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17 April 2014 12:48 pm ,
Vol. 344 ,
Officials last week revealed that the U.S. contribution to ITER could cost $3.9 billion by 2034—roughly four times the...
An experimental hepatitis B drug that looked safe in animal trials tragically killed five of 15 patients in 1993. Now,...
Using the two high-quality genomes that exist for Neandertals and Denisovans, researchers find clues to gene activity...
A new report from the Intergovernmental Panel on Climate Change (IPCC) concludes that humanity has done little to slow...
Astronomers have discovered an Earth-sized planet in the habitable zone of a red dwarf—a star cooler than the sun—500...
Three years ago, Jennifer Francis of Rutgers University proposed that a warming Arctic was altering the behavior of the...
- 17 April 2014 12:48 pm , Vol. 344 , #6181
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Texas Cancer Agency Loses Another Top Official
20 November 2012 4:08 pm
Texas's innovative and controversial $3 billion effort to become a leader in cancer science may be luring top researchers to the state, but it's having trouble holding on to its own staff members. The Cancer Prevention and Research Institute of Texas (CPRIT) announced yesterday that Jerald S. Cobbs, its chief commercialization officer, plans to resign at the end of the month to return to the private sector. The move comes as CPRIT continues to come under fire for allegedly ignoring outside scientific advice when picking who receives grants to commercialize potential cancer therapies. Over the weekend, The Dallas Morning News published an investigation (free video summary, but article requires subscription) detailing political donations to Texas Governor Rick Perry and other state officials by various people associated with several firms that had received CPRIT commercialization grants totaling more than $22 million. Some of those grants came despite seemingly less than favorable reviews of the firm's proposals by CPRIT's scientific review council, the paper reported. All the members of that panel recently resigned, as have other out-of-state researchers who reviewed CPRIT grant proposals, with some of them expressing concern about the integrity of the agency's process for awarding grants.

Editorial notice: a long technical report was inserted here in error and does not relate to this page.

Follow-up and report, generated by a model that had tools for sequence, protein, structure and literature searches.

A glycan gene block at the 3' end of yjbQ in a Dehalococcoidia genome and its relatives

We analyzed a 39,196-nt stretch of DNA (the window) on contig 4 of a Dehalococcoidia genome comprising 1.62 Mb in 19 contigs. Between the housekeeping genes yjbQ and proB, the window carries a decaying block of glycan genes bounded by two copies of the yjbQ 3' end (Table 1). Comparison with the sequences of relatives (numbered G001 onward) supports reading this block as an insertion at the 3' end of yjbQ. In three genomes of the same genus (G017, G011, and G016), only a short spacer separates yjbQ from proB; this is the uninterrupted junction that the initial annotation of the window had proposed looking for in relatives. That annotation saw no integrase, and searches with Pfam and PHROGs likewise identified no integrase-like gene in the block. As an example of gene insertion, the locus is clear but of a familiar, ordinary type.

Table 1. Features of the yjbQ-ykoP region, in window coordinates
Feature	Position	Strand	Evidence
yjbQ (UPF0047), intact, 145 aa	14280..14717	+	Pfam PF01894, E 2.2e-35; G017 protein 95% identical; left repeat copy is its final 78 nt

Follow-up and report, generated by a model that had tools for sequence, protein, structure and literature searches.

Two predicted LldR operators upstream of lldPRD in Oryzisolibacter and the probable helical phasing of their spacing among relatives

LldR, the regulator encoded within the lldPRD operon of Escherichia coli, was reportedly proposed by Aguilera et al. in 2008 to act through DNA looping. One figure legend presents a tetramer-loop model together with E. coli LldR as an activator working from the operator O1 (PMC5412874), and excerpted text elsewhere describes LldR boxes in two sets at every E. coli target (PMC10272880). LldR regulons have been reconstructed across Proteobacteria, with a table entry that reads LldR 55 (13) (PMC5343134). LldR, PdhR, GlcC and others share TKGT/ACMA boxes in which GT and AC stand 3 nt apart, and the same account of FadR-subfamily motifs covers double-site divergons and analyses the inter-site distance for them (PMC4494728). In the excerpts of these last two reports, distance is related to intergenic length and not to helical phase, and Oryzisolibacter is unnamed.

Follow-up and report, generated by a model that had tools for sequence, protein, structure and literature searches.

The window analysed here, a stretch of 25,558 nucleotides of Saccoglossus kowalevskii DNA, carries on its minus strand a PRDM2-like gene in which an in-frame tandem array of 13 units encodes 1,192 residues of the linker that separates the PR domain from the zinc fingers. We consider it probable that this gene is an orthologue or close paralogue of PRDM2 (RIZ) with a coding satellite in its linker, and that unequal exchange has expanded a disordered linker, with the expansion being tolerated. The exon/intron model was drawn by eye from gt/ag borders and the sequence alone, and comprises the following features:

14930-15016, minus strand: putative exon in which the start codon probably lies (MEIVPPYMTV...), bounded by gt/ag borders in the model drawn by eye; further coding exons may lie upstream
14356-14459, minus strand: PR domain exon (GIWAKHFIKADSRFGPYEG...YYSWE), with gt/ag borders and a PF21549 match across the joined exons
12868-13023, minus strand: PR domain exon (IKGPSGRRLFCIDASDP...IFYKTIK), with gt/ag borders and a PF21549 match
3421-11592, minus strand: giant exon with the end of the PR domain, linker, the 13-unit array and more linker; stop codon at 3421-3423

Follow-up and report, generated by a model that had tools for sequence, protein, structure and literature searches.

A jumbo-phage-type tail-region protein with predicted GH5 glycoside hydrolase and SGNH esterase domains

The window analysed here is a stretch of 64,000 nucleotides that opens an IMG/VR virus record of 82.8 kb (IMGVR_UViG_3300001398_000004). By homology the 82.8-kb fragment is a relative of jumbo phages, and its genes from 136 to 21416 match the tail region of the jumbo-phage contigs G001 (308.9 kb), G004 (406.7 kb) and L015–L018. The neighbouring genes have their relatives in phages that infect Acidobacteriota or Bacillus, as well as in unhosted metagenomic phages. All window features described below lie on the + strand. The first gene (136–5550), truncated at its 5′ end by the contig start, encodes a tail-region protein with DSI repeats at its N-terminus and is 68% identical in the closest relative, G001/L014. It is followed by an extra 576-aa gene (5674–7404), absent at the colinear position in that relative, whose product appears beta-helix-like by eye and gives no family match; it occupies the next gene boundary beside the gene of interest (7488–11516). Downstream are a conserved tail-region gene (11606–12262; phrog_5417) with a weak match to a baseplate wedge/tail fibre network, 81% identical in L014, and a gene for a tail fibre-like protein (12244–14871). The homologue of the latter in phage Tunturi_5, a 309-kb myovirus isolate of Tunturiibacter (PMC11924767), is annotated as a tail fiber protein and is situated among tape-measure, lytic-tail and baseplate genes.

Those resignations followed the departure of CPRIT's chief scientific officer, Nobel laureate Alfred Gilman, who resigned earlier this year in a dispute over a $20 million "incubator" grant given to scientists at the University of Texas MD Anderson Cancer Center and Rice University, both in Houston. Cobbs oversaw the awarding of that grant, despite reservations expressed by Gilman and others. The Dallas Morning News notes that Texas State Representative Garnet Coleman (D), plans to introduce legislation to overhaul CPRIT. Coleman said he had "serious concerns" about CPRIT when it was created in 2007. "[M]y initial unease with the agency was justified," he told the newspaper.